Background: In the United States, 74% of homicides and 51% of suicides involve firearms. Using extreme risk protection order (ERPO) laws, petitioners can request restricting firearm access for individuals (known as "respondents") who pose a risk to themselves or others.
Objective: To characterize respondents and circumstances of ERPOs.
Design: Descriptive study.
Setting: State of Washington.
Participants: All ERPO respondents during 8 December 2016 to 10 May 2019.
Measurements: Reason for filing the ERPO; characteristics of respondents; respondent's reported history of domestic violence perpetration, mental illness, substance misuse, and suicide ideation or attempt; number and type of firearms removed; and ERPO petition outcome (granted or not granted).
Results: The ERPOs were filed for concerns about harm to self (n = 67), harm to others (n = 86), or harm to both self and others (n = 84). Of all ERPOs, 87% were filed by law enforcement and 81% were granted. At least 1 firearm was removed from 64% of respondents, with a total of 641 firearms removed. The petitioner reported prior domestic violence perpetration by the respondent in 24% of cases, and a prior diagnosis of a mental health condition and substance misuse for the respondent in 40% and 47% of cases, respectively. Of all respondents, 62% had a history of suicidal ideation or attempt according to the petitioner. As part of the ERPO process, the court ordered mental health evaluation in 30% of cases.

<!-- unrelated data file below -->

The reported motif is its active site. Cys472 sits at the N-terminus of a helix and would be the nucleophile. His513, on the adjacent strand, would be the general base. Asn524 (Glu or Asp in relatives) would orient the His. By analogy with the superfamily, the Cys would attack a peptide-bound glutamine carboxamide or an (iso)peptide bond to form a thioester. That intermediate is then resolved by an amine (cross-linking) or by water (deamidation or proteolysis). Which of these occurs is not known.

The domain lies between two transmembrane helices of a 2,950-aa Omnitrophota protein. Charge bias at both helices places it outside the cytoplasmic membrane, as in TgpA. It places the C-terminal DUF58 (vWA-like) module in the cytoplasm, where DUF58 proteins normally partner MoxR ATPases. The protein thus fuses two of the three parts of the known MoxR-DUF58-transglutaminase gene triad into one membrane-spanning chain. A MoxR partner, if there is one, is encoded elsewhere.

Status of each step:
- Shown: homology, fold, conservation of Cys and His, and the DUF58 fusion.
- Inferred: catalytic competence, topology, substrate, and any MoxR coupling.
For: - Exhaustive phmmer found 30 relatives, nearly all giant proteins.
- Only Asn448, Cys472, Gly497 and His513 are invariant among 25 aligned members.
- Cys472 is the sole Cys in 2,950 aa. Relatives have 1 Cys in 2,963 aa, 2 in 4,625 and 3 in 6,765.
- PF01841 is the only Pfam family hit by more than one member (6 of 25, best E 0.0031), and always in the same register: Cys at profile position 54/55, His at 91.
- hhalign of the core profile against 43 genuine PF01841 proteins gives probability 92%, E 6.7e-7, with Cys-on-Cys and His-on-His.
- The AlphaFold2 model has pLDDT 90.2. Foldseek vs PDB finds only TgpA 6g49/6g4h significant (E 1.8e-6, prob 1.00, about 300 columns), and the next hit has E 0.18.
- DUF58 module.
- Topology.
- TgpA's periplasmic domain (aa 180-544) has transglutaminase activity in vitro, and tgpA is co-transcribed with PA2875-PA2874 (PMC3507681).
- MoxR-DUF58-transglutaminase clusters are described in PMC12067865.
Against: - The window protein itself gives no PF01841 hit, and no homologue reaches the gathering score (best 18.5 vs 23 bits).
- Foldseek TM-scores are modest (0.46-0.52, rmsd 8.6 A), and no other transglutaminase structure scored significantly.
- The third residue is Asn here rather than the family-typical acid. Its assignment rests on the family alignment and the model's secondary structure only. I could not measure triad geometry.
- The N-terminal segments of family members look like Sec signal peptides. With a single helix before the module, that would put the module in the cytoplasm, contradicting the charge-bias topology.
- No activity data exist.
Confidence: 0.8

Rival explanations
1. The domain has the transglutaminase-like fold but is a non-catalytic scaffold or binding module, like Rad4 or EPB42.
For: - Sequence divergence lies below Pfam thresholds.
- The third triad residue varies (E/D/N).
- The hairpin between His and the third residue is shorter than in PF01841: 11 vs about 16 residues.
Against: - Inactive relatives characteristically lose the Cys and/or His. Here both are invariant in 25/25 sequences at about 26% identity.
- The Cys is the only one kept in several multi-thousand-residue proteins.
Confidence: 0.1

Limitation: Filing of the forms was inconsistent.
Conclusion: Laws regarding ERPOs are a potential tool to help protect patients or family members from harming themselves or others by restricting firearm possession and purchase. Further studies are needed to determine the long-term effects of these laws and identify approaches to increase their use.
Primary funding source: State of Washington.